Career diplomat Deborah Jones, pictured in Kuwait City on March 30, 2010
President Barack Obama on Wednesday nominated career diplomat Deborah Jones, pictured in Kuwait City on March 30, 2010, to be US ambassador to Libya, six months after the killing in Benghazi of envoy Christopher Stevens. © Yasser al-Zayyat - AFP/File
Career diplomat Deborah Jones, pictured in Kuwait City on March 30, 2010
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AFP
Last updated: March 13, 2013

After Benghazi, Obama taps new Libyan ambassador

President Barack Obama Wednesday tapped a new ambassador to Libya, six months after the previous US envoy was killed in a brutal militant attack which shocked America to its core.

The announcement that career diplomat Deborah Jones is set to replace slain ambassador, Chris Stevens, came as the Libyan Prime Minister Ali Zeidan was in Washington for talks with senior officials.

Jones, who will have to be confirmed by Senate, carries a huge emotional weight into her new post with the scars of the September 11 attack on the US mission in Benghazi still raw in the American psyche.

Stevens, a popular diplomat both at home and in the Middle East, was killed along with three other American staff during an hours-long heavily-armed attack on the Benghazi compound and a nearby annex.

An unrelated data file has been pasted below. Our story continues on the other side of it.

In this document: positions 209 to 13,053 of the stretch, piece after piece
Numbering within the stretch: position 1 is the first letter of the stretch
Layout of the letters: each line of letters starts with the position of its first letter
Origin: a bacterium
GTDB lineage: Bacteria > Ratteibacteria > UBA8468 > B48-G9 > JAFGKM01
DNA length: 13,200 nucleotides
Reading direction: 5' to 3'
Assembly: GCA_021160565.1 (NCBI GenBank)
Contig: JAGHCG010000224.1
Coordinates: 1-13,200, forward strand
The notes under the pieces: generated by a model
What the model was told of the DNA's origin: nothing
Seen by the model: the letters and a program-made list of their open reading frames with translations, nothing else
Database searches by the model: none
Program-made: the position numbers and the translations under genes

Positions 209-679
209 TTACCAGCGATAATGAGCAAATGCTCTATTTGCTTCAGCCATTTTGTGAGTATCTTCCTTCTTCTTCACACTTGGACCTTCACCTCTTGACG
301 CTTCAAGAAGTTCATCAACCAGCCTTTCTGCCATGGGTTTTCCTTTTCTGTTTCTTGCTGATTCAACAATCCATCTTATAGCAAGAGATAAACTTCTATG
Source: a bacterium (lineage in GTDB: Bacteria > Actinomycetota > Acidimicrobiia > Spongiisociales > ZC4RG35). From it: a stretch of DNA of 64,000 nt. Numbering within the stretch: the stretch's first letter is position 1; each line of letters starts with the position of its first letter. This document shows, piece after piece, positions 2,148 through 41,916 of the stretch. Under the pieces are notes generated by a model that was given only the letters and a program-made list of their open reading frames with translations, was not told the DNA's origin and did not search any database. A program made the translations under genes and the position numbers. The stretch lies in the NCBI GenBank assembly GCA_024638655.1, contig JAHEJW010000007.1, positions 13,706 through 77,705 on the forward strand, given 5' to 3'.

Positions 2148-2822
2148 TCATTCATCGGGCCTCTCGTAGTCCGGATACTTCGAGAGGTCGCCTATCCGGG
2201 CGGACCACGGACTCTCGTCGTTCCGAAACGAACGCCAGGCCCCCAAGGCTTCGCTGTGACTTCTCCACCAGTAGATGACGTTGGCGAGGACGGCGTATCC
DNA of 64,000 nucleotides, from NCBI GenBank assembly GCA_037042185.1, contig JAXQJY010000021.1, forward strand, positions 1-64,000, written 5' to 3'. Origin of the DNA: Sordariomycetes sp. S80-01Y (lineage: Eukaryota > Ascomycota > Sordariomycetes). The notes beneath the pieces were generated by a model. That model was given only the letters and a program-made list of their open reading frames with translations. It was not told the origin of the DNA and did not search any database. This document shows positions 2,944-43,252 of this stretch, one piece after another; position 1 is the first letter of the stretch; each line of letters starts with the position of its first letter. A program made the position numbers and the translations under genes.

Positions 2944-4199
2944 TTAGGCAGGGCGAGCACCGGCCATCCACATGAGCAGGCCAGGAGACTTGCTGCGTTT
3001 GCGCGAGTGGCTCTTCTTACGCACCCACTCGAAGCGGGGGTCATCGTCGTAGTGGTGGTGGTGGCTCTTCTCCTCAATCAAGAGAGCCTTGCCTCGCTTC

He was the first ambassador to be killed on duty since the late 1970s, and his death unleashed painful soul-searching at the State Department about the future of diplomacy in an increasingly dangerous world.

It also rocked the 2012 White House campaign, with the Obama administration coming under fire for security lapses and accused of trying to cover up the assault, now blamed on Al-Qaeda linked militants.

Zeidan, who is on his first official visit to Washington, met Wednesday with President Barack Obama who joined the Libyan leader's talks at the White House with National Security Advisor Tom Donilon.

Despite a long investigation by both Libyan authorities and the FBI, no one has been charged in the Benghazi attack.

Zeidan vowed, however, as he met later with Secretary of State John Kerry that the Libyan government will "work with the United States of America in order to reach the truth. Who are the perpetrators of the crimes that were committed?"

"Who killed this dear friend and his colleagues and they must be brought to trial," Zeidan said, speaking through a translator. "We are keen on reaching the truth and to see that justice is achieved."

Kerry hailed the visit as historic saying Zeidan "represents his country's first democratically elected government in more than 40 years," adding Libya had lived "under the yoke of a dictator for decades."

"Those who killed Americans in Benghazi will be brought to justice and I emphasize that today," Kerry added, stressing that the United States "will continue to stand with Libya during this difficult transition.

Kerry praised Jones as "a very capable and experienced diplomat and I have no doubt that she's going to help strengthen the partnership between us."

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